You’re reading an article by Jay Robinson, a designer living in California.

Some Notes On iTunes LP

It’s clear that I’m pretty excited about iTunes LP. The “deluxe album” for­mat from the iTunes Store is an attempt to revi­tal­ize music sales by pro­vid­ing an immer­sive dig­i­tal expe­ri­ence com­plete with detailed art rem­i­nis­cent of when peo­ple used to buy records. Feature-wise, an iTunes LP is a DRM–free album in high-quality 256kbps AAC for­mat, along with dig­i­tal extras (visualizer(s), pho­tos, videos and inter­views) wrapped in a cus­tom WebKit-powered site.

This morn­ing I bought Jay-Z’s Blue­print 3, as well as The Doors iTunes LP, and am very impressed. Below I’ve included some screen­shots as well as my thoughts on the experience.

Gen­eral Use

When you pur­chase an iTunes LP, the music files begin down­load­ing fol­lowed by an addi­tional (hefty) file with an “.ITLP” exten­sion. The .ITLP file itself can be over 500MB.

Once you double-click an iTunes LP in iTunes, it takes over your entire win­dow with a WebKit view. A photo fades in and an audio snip­pet rep­re­sen­ta­tive of the album will start to play (about 30 sec­onds). A list of links leads you to the most obvi­ous fea­ture of the iTunes LP: pho­tos, videos and lyric views.

The LP frame seems to have a width and height of 1280×720. This is nice, but means I get ugly scroll­bars all over my 13″ Mac­Book screen. I switched to a larger mon­i­tor for the screen­shots, so here are some shots of the main features:

iTunes LP Jay-Z Intro Click for full-size.

iTunes LP Jay-Z Lyrics Click for full-size.

iTunes LP Jay-Z Photos Hover for alter­nate image. Click for full-size.

itunes-lp-jay-z-videos Click for full-size.

iTunes LP Jay-Z Videos Hover for alter­nate image. Click for full-size.


A won­der­ful thing hap­pens when you click “Play All” on an iTunes LP — you are treated to a fea­ture I dub iTunes LP visu­al­izer. The visu­al­izer is the “sur­prise and delight” fea­ture of iTunes LP; a cre­ative dis­play of dig­i­tal art.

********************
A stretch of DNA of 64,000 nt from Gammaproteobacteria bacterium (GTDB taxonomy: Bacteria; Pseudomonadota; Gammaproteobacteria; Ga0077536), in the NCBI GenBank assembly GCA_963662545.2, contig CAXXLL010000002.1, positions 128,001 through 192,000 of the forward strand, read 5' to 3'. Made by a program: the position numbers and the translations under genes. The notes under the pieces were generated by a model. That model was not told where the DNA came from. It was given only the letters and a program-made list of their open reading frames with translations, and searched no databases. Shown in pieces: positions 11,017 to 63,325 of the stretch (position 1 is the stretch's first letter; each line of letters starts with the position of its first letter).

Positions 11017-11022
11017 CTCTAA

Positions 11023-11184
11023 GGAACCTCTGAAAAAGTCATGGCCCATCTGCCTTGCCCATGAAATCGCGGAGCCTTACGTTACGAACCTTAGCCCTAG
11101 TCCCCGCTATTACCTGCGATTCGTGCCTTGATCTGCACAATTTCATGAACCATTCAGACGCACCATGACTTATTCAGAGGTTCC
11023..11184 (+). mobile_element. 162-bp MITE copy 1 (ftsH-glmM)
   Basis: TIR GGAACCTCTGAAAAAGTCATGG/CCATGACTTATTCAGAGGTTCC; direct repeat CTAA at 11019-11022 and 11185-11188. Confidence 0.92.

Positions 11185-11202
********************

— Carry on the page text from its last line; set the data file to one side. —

Jay-Z’s iTunes LP album comes with three dif­fer­ent visu­al­iz­ers that cycle through at mea­sured inter­vals. The ini­tial visu­al­izer shows audio wave­forms. I mis­tak­enly thought the wave­forms were dynam­i­cally gen­er­ated by the music until I watched for a while. Here are the screen­shots of the three visu­al­iz­ers, respec­tively called “Waves”, “Songlist”, and “Puzzle”.

iTunes LP Jay-Z Visualizer Waves Hover for alter­nate image. Click to see full-size.

iTunes LP Jay-Z Visualizer Songlist Hover for alter­nate image. Click to see full-size.

iTunes LP Jay-Z Visualizer Puzzle Hover for alter­nate image. Click to see full-size.

I’ve also included the only visu­al­izer from The Doors album.

itunes-lp-the-doors-visualizer Hover for alter­nate image. Click to see full-size.

How­ever, lis­ten­ing to music in the iTunes LP intro­duces some unfor­tu­nate user inter­face prob­lems. Sim­i­lar to Genius Mixes (also new in iTunes 9) there is no way to ask iTunes to send you to the cur­rently play­ing song. This means that unless you leave the LP view you can­not rate the song or view any other metadata.

This also causes a prob­lem if you leave the iTunes LP inter­face to browse your library, then want to return to the LP. The only way is to select the iTunes LP from your file list­ing and double-click. This results in the iTunes LP site load­ing from the start and you los­ing your place through the album.

For­tu­nately, the usabil­ity issue does not cause con­flicts with the Play Count, which func­tions as expected.